Throwing the Bull: Heckle and Jeckle in The Intruders

Until the mid 40s, Fox had many issues with the Terrytoons Studio, and over the years complaints were regularly sent. Particularly, the lack of true star characters. The likes of Farmer Alfalfa and Kiko the Kangeroo (who only lasted one season to begin with) were not enough for Fox's liking. This all changed in 1942, with the surprise hit of "The Mouse of Tomorrow" introducing the first major hit for the studio, Mighty Mouse! Of course, Terry didn't stop there, further promoting Gandy and Sourpuss as stars, and developing new ones. In 1947, Paul Terry released his new set of characters, and the ones he considered his best, Heckle and Jeckle!

The Story team at Terrytoons figured out their star Magpies quick. The film I'm talking about, THE INTRUDERS, is only the 4th cartoon staring them, and introduces a new character to their series, Chesty, or Clancy, or whatever name was pulled in the rotation for that day (see how much Terry cared about branding his characters?). Eitherway, let's get into the cartoon! 

Heckle and Jeckle are two homeless magpies looking for a spot to stay. They find a nice, lush mansion and describe with GREAT detail over a panning BG. Terrytoons, being a budget studio, needed these kinds of moments to produce the cartoons quick, but at least the pleasant scenery is still there. After noting the silence, we see Chesty chase out the critters from the yarn, warning them for the last time. With his temper and grungy nature, Chesty serves a role similar to Farmer Alfalfa's in THE UNINVITED PESTS, but is made a little more intelligent, and less hot tempered. 

Per usual, Heckle and Jeckle don't listen, and go in without interference. After Chesty threatens to skin the next trespassers alive, the NY speaking Magpie agrees with him out loud, and as they run off, Chesty thinks he just hears something as he sits down to have a drink, with gags of the Magpies assisting him out of course. Right before its bottoms up, he gets back up after hearing obnoxious singing. 

This cartoon, while fun, is admittedly a little hard to talk about, so the rest of this article shall server more so as a gag highlight than anything. My apologies if it disappoints, but this cartoon does present some fine touches. 

-Chesty doesn't even care that Heckle hit him with a mallet, and his ego insists on more. It backfires of course, with a funny pose. Terrytoons often used broad, vaudeville slapstick where characters quickly got back up and without any pain shown more than any other studio, and this is a good demonstration of it. Chesty is only down for 8 seconds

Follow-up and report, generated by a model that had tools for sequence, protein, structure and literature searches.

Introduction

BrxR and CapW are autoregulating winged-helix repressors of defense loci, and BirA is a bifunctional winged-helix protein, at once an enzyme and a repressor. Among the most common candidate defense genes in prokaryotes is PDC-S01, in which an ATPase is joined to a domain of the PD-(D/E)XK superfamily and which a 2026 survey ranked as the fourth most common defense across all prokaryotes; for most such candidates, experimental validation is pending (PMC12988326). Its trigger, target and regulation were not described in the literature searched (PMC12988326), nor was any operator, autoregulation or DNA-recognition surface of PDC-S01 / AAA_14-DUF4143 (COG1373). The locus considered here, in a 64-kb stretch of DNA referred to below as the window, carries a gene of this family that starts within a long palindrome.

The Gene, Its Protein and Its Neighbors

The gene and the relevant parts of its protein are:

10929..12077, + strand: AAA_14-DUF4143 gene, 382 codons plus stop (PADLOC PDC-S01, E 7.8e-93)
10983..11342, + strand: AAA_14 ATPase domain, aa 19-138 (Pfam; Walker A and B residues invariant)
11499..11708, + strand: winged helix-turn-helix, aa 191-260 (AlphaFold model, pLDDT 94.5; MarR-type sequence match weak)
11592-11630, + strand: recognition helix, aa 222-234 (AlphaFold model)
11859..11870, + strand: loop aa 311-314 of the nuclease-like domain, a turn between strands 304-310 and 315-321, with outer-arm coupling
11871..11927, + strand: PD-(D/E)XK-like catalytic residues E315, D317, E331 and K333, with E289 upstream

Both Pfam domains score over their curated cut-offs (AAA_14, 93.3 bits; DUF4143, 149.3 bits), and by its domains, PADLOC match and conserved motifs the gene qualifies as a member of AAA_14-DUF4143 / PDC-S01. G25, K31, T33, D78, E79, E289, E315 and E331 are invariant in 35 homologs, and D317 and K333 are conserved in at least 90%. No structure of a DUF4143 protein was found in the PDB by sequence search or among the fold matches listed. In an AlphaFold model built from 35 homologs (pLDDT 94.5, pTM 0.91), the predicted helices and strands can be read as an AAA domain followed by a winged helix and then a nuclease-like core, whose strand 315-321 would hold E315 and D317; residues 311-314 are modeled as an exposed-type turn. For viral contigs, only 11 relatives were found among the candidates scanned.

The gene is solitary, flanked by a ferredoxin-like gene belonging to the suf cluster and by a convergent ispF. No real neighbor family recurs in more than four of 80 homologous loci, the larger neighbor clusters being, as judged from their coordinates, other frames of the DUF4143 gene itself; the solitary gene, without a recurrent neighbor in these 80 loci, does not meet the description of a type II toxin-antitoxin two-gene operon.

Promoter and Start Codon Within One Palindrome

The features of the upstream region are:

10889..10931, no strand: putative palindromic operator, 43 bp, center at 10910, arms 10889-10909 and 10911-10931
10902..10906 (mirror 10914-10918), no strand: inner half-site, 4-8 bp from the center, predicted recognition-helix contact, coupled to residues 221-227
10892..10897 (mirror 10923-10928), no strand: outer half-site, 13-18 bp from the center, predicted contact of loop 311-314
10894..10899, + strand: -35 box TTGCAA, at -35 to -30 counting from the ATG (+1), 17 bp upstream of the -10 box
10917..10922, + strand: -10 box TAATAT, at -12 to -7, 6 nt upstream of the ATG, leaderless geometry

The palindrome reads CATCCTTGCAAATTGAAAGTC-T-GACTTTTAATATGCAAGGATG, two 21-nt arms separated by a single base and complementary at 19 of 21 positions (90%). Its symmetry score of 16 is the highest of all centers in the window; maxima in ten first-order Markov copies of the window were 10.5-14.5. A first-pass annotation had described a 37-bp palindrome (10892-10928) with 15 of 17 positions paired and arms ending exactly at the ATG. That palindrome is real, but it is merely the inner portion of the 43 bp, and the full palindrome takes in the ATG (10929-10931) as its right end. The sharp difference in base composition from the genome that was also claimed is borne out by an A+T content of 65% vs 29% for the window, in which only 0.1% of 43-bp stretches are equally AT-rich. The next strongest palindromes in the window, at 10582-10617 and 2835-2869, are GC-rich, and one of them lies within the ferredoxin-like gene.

-After a few bits such as the favorite "removing the window from existence" gag used often, we get to a repeat from their first appearance (the aforementioned UNINVITED PESTS) of Heckle and Jeckle looking to frantically undo their own mayhem with saving Chesty from drowning. Though, after getting him out from the pool, they decide its best to put him back in once he's alright. Instead of letting him go from the crane, Chesty is kicked, sinking the rowboat in the process. Another funny example of broad slapstick, as the kick is absurd and funny alone  

And what would a good cartoon be without some nice character animation? Another classic Terry joke was unexpected gifts causing harm, where Carlo Vinci animates Chesty being fooled by a bomb that shoots out a box, that pops out a bone that's actually an atomic bomb! You'll notice how expressive he is in moment, and how clear his emotions are read from pose to pose, changing with each phase of the bomb to box to bone to a-bomb. 

In a ending similar to Lantz's Ration Bored, Heckle and Jeckle were also killed from the explosion, and managed to make it past "The Pearly Gates". When Chesty realizes, the chase continues into the Iris out! 

Overall, a fun Terrytoon, full of everything that makes them fun: vaudevillian slapstick, good acting from Dayton Allen, and excelling timing that only gets wilder in pacing. Old tricks are used, as are some new ones. Heckle and Jeckle continued to appear more and more over 1947, proving quick stars, as humor was naturally executed well. The best of them are usually in line with other studio's bests with their screwball characters. 

While a rather short article this time, I hope some articles related to elements behind them show up soon that I've been planning. Next week's cartoon should be more in detail too!

With that in mind, See you next week! 

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